Electrical.  Be sure staff and family know how to disconnect main power.  Extension cords are not designed to be permanent wiring solutions.  When you need to use them for a temporary purpose, be sure they are rated appropriately for the task.  Keep an eye out for exposed wiring or frayed insulation around wiring.  Better safe than sorry.  Bring in a licensed contractor for advice, inspections, renovations and new construction.

Heating Sources.  Use dust and moisture resistant covers on lights.  Tank heater cords and heat tapes should be protected against damage by pests or livestock.  Use heaters with tip-over protection and be sure they are not placed in high traffic areas or where combustibles and flammables are stored.  Dispose of oily rags in a timely manner.  Cure hay to the proper moisture content before bailing.

Controlled Burns.  The Government of Saskatchewan has a great little article online entitled “FireSmart: Farm and Ranch Practices”.  The article has some excellent tips about controlled burns, as well as fire prevention in general for farmers and ranchers.

Farming and ranching may feel a bit like gambling sometimes.  There are many variables at play which can affect the prosperity of an operation from year to year – don’t let careless fire prevention be one of them.  Be vigilant, establish a culture of safety on your farm or ranch.



Contact Barr Ag to get more information on any of our crops including Alfalfa, Timothy, Mixed Hay, Canadian Grains and Pulse crops.

The Government of Saskatchewan; Wildfire Education and Prevention; FireSmart: Farm and Ranch Practices

Overview of Timothy Hay

 Timothy hay, (Phleum pratense), is the only species within its genus-Phleum- of substantial importance economically. This perennial bunchgrass, referred to as a cool-season, cold-tolerant grass, possesses a life span ranging from moderate to long. The plant’s shallow root system is located in the first 30 centimetres of soil (Gesshe, 1994) though roots have been found much deeper in feral timothy where soil and other conditions are optimal and the plant has been left undisturbed.

With long, straight stems, timothy hay reaches a height of between 1 and 1.5 metres when fully mature. (Gesshe, 1994) At the base of the stem is a bulbous looking structure known as a corm. The corm’s chief purpose is the storage of sugars which it then uses to provide the nutrition for the production of new shoots. As this new secondary crop begins to develop, it begins to take root and forms new secondary corms. From these secondary corms arises yet another set of shoots-the stage at which the plant will over-winter.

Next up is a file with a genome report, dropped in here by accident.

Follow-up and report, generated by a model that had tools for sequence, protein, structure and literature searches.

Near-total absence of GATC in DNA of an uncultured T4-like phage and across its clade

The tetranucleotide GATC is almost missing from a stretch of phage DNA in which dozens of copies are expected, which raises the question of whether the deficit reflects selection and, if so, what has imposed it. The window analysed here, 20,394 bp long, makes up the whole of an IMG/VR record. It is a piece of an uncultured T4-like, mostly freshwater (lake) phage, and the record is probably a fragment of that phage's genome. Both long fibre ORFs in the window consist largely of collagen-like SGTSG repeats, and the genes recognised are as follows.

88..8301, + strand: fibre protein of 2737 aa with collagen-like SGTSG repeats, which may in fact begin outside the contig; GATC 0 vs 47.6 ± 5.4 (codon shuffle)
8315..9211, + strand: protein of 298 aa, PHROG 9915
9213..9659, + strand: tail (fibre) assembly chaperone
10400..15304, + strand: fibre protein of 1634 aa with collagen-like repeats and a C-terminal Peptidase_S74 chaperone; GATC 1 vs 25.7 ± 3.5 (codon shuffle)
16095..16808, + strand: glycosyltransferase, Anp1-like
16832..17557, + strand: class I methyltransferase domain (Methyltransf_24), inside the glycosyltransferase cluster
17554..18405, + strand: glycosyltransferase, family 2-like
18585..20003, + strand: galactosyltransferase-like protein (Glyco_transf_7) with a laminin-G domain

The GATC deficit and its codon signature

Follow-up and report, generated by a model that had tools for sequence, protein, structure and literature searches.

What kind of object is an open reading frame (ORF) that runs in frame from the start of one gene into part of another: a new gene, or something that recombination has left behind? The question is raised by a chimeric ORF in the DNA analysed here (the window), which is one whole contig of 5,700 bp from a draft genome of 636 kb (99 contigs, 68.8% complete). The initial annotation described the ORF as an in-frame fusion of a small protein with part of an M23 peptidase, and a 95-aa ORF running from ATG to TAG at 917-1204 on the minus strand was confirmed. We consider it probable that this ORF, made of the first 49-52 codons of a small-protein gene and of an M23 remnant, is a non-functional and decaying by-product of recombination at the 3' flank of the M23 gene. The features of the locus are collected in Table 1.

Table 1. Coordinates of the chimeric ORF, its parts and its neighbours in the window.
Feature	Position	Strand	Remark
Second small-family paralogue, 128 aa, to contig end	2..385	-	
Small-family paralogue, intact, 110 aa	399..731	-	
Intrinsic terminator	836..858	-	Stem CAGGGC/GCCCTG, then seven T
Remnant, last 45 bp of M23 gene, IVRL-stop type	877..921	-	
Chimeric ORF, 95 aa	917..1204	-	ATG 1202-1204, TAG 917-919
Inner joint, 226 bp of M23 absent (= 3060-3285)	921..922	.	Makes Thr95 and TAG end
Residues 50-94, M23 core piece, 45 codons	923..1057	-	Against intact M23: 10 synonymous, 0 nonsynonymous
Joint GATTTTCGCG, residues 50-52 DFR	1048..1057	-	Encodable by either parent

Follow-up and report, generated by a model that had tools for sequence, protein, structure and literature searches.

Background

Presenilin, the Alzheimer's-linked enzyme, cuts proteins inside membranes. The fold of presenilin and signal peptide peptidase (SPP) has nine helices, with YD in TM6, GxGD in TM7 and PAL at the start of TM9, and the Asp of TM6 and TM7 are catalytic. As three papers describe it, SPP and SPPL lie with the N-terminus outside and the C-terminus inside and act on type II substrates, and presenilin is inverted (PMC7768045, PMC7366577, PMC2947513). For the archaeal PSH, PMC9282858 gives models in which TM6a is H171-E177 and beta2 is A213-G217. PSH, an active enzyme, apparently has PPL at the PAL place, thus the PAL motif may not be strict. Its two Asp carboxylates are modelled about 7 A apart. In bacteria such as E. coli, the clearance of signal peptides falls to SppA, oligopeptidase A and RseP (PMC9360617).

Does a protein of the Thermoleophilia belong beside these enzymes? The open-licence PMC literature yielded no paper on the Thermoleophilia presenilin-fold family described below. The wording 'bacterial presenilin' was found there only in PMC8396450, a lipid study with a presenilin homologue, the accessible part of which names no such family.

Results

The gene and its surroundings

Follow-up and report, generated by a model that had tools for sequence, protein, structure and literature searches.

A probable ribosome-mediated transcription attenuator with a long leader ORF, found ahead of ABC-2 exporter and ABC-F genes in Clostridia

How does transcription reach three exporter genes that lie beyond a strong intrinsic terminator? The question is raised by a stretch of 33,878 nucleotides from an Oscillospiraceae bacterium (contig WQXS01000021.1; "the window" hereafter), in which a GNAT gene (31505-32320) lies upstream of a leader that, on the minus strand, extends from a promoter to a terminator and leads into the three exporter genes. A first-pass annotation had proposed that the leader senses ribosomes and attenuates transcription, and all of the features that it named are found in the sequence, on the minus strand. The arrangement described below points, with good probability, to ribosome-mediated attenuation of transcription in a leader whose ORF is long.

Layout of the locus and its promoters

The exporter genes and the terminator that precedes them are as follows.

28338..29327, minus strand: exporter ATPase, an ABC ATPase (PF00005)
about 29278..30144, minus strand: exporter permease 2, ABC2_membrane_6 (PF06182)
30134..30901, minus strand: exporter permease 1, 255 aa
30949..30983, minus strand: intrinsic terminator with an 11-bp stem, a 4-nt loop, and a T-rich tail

The plentiful amount of basal and stem leaves renders timothy a productive hay crop. The leaf blades of the timothy plant are flat and the seed head, which is cylindrical in shape, is located at the top of the stem. The seeds themselves are shaped like a short grain of rice encased in a hull. The hulls are compacted together in the head which can grow to be a full 15 centimetres in length (Gesshe, 1994).

Timothy possesses outstanding winter hardiness both as a seedling and an established plant and thrives in temperatures between 15 and 21ºC. While the plant is tolerant to acidity, timothy’s optimal pH soil environment is within the 5 to 7 range and it does not do well in soils that are alkaline or saline. Timothy is well adapted to heavier textured black, grey and organic soils and requires limited fertilization. With poor tolerance for flooding and even poorer tolerance for drought, timothy is well suited to the 45 to 55 centimetre precipitation zone found in western and northern Alberta. (Gesshe, 1994)

There are many varieties of timothy which are classed as being: early, very early, midseason or late. At Barr-Ag, we grow 2 styles of timothy hay. We take 2 cuts from the early maturing variety which is grown on our irrigated farm in southern Alberta. Our late maturing variety is grown on dryland on our other farms near the eastern slopes of the Canadian Rocky Mountains.

Barr-Ag’s head office is located at 5837 Imperial Drive, Olds, Alberta, Canada, T4H 1G6. Please visit our website(link to home page) or call or write if you have any questions about our timothy hay, non-GMO alfalfa hay or any of our other products. We can be reached by telephone at: 403 507 8660 or by email at: or .

Agriculture Canada (1978) Timothy: High-Quality Forage for Livestock in Eastern Canada
Casler, Michael, D., Kallenbach, Robert, L. (2007). Forages: The Science of Grassland Agriculture Vol II
Gesshe, Ray, Foothills Forage Association (1994). Timothy Production Handbook
Langer, R.H.M. (1973). Pastures and Pasture Plants

Canadian Timothy Hay

Canadian Timothy Hay

Canada’s forage industry is booming as Asian markets continue to provide strong demand for one of the most commonly-grown forage grasses in Canada, timothy hay. Timothy is perfectly suited for growing in cooler, more temperate climates like that of the Alberta province. As far as forage grasses go, timothy hay is one of the more palatable options and preferred by most livestock.